Date of Award


Degree Type


Degree Name

Doctor of Philosophy in English



First Advisor

Jean Walton


As nineteenth-century scientific and industrial developments in food processing were increasingly applied on larger scales, and to a greater diversity of food items, modernity made its mark on the early twentieth-century consumer’s daily foods. In addition to industrial and scientific developments, World War I and World War II brought significant changes to food production, distribution, and consumption as populations suddenly worried about the availability, allocation, and quality of food items. Early twentieth-century novels demonstrate a preoccupation with the newly modernized and altered foods and explore how food behaviors and tastes change during the period.

This project examines literary representations of food, food behaviors, and tastes through close readings of four modernist novels. I argue that the novels of E. M. Forster, Evadne Price, Virginia Woolf, and Jean Rhys demonstrate a modernist preoccupation with, and an active critique of, modernity’s foods, changing food behaviors, and tastes. Analyzing a diversity of narrativized food behaviors, such as the selection, consumption, and preparation of food, I investigate the historicity and cultural significances behind specific foods and food behaviors by drawing on food history, sociological and historical studies of eating, culinary science, theorizations of the written recipe as a genre, postcolonial investigations into particular global dishes, and, when productive, science. When conceptualizing taste, I consider both literal tastes, as one of the five senses and related to gustatory pleasure, and figurative tastes, which extend to aesthetics, manners, and socially appropriate etiquettes including food behaviors. To address taste’s literal and figurative usages, I turn to disciplines such as philosophy, sociology, and cultural studies.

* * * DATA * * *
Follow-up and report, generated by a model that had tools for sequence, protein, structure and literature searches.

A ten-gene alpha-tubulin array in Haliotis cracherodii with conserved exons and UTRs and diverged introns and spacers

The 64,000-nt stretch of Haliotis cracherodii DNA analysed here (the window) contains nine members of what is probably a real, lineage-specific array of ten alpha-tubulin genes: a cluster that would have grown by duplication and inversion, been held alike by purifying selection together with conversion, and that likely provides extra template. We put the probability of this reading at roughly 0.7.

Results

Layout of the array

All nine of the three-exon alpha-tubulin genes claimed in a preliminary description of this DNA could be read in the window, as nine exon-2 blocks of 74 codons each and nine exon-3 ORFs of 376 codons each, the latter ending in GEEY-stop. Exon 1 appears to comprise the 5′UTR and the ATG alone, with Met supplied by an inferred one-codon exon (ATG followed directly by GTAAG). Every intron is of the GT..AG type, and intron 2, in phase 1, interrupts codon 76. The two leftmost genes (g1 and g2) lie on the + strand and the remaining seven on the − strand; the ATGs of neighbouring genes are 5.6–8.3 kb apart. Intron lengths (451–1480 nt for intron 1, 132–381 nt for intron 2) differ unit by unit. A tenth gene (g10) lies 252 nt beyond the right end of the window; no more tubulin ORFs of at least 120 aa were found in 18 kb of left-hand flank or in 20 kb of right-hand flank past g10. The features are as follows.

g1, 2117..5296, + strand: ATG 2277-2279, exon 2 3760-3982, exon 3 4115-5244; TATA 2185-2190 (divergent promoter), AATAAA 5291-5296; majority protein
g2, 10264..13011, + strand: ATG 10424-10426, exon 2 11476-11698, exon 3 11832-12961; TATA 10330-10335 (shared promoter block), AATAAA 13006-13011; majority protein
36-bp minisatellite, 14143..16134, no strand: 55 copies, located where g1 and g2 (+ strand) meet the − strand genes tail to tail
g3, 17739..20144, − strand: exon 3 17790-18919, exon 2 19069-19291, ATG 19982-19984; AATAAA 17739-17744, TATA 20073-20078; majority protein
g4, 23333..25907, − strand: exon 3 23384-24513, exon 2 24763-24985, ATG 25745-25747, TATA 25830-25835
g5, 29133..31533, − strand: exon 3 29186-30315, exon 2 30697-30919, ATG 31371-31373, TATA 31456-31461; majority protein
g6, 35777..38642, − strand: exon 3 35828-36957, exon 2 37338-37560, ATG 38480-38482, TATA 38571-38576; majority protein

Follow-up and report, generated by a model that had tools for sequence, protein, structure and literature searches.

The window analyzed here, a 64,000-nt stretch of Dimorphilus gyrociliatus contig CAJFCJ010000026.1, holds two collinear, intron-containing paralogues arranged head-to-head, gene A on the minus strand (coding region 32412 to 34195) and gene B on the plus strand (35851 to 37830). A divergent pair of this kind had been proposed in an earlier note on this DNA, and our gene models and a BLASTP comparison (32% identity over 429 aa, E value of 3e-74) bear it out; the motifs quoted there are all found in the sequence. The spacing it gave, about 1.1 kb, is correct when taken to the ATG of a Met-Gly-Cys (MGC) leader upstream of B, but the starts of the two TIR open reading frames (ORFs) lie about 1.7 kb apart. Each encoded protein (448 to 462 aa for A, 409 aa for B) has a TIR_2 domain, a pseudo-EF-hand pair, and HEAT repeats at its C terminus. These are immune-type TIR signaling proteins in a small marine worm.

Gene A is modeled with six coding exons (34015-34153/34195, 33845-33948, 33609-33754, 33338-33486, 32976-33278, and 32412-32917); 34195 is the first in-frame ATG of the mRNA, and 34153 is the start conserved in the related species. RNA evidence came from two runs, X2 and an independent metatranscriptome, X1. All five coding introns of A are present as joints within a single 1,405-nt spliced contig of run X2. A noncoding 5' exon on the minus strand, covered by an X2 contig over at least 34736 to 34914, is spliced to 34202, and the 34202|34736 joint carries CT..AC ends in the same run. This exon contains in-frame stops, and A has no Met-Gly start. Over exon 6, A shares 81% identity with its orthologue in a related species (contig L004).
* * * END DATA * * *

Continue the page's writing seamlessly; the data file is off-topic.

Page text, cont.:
In my first chapter I focus on the character Leonard Bast, a hungry modern autodidact attempting to balance comestible and cultural consumption, in E. M. Forster’s Howards End (1910), arguing that Bast engages in a type of snobbery through his judgments in taste and his efforts to gain cultural capital. In my second chapter on Not So Quiet… (1930), written by Evadne Price, I explore the importance of location in literary depictions of WWI food consumption, analyzing characters that eat both at (or near) the warfront and later return to dine in the home front’s domestic and public spaces. Focusing primarily on the famous boeuf en daube scene of Virginia Woolf’s To the Lighthouse (1927) and drawing upon both culinary science and the kinetic molecular theory of matter, my third chapter identifies and highlights the novel’s “liquid aesthetic” and the drawing of disparate individualized characters into community without collapsing their separate identities. My final chapter on Jean Rhys’s Good Morning, Midnight (1939) explores the behaviors of dining, performing, and exhibiting to investigate the novel’s multifaceted theorization of national identities set in the complex, interwar, and cosmopolitan restaurants of Paris. The conclusion situates my project in the larger discourses and controversies regarding the expansion of modernist studies and the new formalists’ call to return to form, illustrates how my project relates to these conversations and debates, and highlights how others might view my project as a productive model for negotiating similar conflicts within the methodologies and theories of literary studies.



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